EVM indexes are often used to indicate the performance of the project:
Cost Performance Index (CPI) = BCWP/ACWP
Schedule Performance Index (SPI) = BCWP/BCWS
(If the indexes equal 1 then the project is on schedule/on budget. If the indexes are less than 1 then the project is behind schedule/over budget.)

Example: Using the Scenario above, the CPI is 0.77 and the SPI is 0.83, showing that this project is behind schedule and over budget to an even greater extent.

Figure 1 shows a graphical comparison of the budget value of the work schedules, the actual cost of the work completed and the earned value of the physical work actually completed.

A useful method of tracking progress on a project is to track calculated indices such as SPI and CPI versus time. These indices can also be generated as a function of reporting period (monthly), funding cycle (yearly) or project lifecycle. This helps understand the effectiveness of recovery actions at a future point through to project completion (see Figure 2).

Care needs to be taken when using the SPI to monitor the progress of the project as it does not necessarily take into account activities on the critical path, which determine the minimum time needed for the project. It is therefore possible to fail to achieve the critical path schedule but have an SPI > 1.0 because earned value is being taken for non-critical path activities. For this reason, key milestones are almost always incentivized in the nuclear decommissioning industry, with a bonus paid to the contractor for completion on schedule. A report on key milestone progress is an essential complement to all good project reporting.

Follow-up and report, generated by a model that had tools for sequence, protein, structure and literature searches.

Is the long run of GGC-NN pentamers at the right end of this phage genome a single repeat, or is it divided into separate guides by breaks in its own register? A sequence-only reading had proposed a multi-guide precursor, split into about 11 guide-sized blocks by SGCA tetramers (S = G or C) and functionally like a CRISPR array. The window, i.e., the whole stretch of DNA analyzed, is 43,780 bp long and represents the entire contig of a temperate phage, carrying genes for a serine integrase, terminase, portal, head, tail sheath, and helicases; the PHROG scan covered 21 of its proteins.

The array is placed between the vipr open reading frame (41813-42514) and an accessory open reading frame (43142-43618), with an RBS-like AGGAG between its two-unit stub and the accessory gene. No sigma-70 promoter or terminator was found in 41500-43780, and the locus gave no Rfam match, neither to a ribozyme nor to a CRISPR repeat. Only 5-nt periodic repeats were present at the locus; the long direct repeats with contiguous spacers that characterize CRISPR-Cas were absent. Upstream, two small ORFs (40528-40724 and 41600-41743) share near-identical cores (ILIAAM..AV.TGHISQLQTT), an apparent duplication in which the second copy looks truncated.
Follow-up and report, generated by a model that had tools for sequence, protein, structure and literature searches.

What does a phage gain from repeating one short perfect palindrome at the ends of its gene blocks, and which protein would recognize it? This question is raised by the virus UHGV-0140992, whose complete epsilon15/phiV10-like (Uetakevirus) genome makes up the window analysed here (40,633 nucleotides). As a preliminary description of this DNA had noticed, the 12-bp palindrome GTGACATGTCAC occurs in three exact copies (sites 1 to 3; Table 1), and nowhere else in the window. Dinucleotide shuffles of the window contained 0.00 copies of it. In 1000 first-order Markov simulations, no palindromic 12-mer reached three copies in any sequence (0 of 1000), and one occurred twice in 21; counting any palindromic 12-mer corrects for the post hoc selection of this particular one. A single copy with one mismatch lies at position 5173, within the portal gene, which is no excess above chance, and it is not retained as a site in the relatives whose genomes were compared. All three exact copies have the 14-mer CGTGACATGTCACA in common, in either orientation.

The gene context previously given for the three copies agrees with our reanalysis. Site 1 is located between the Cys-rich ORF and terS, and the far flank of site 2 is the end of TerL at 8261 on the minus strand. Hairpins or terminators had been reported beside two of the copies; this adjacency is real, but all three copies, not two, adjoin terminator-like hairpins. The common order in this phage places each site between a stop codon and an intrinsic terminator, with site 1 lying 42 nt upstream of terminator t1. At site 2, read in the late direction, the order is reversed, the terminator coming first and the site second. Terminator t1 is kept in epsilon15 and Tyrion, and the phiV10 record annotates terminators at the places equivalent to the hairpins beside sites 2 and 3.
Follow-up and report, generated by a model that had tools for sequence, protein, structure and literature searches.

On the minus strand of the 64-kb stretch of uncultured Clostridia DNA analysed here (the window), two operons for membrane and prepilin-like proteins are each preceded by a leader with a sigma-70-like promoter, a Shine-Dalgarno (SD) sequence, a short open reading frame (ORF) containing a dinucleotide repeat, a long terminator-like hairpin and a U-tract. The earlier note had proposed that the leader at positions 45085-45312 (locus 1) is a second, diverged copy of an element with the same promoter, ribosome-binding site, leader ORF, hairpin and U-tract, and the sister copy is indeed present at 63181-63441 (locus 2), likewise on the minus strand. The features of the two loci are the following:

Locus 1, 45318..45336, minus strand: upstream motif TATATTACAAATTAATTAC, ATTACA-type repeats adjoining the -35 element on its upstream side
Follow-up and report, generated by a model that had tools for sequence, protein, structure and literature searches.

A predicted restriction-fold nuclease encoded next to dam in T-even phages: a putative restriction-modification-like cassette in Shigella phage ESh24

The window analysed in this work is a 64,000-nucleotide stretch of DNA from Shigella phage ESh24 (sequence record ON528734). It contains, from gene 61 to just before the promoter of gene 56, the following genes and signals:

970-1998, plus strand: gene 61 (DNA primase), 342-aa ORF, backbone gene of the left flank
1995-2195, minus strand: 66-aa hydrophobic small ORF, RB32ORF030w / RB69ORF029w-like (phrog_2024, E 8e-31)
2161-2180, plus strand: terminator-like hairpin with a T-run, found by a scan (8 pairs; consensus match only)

A key element of any EVMS is the ability to forecast the completion of the project in terms of final cost. The Estimate At Completion (EAC) of a project is the actual cost to date plus an objective estimate of costs for the authorised work that is remaining. There are numerous ways to calculate an EAC. The most commonly-used formula for EAC is:

EAC = ACWP + Estimate To Complete (ETC).

This is the key area where PM judgement is likely to be exercised in terms of recovery plan effectiveness and impact across the project lifecycle. Good PMs will rarely try to hide or mask issues and simply use the available EVM data to inform their assessment. If they get it right EVMS convergence and SPI and/or CPI recovery will become apparent.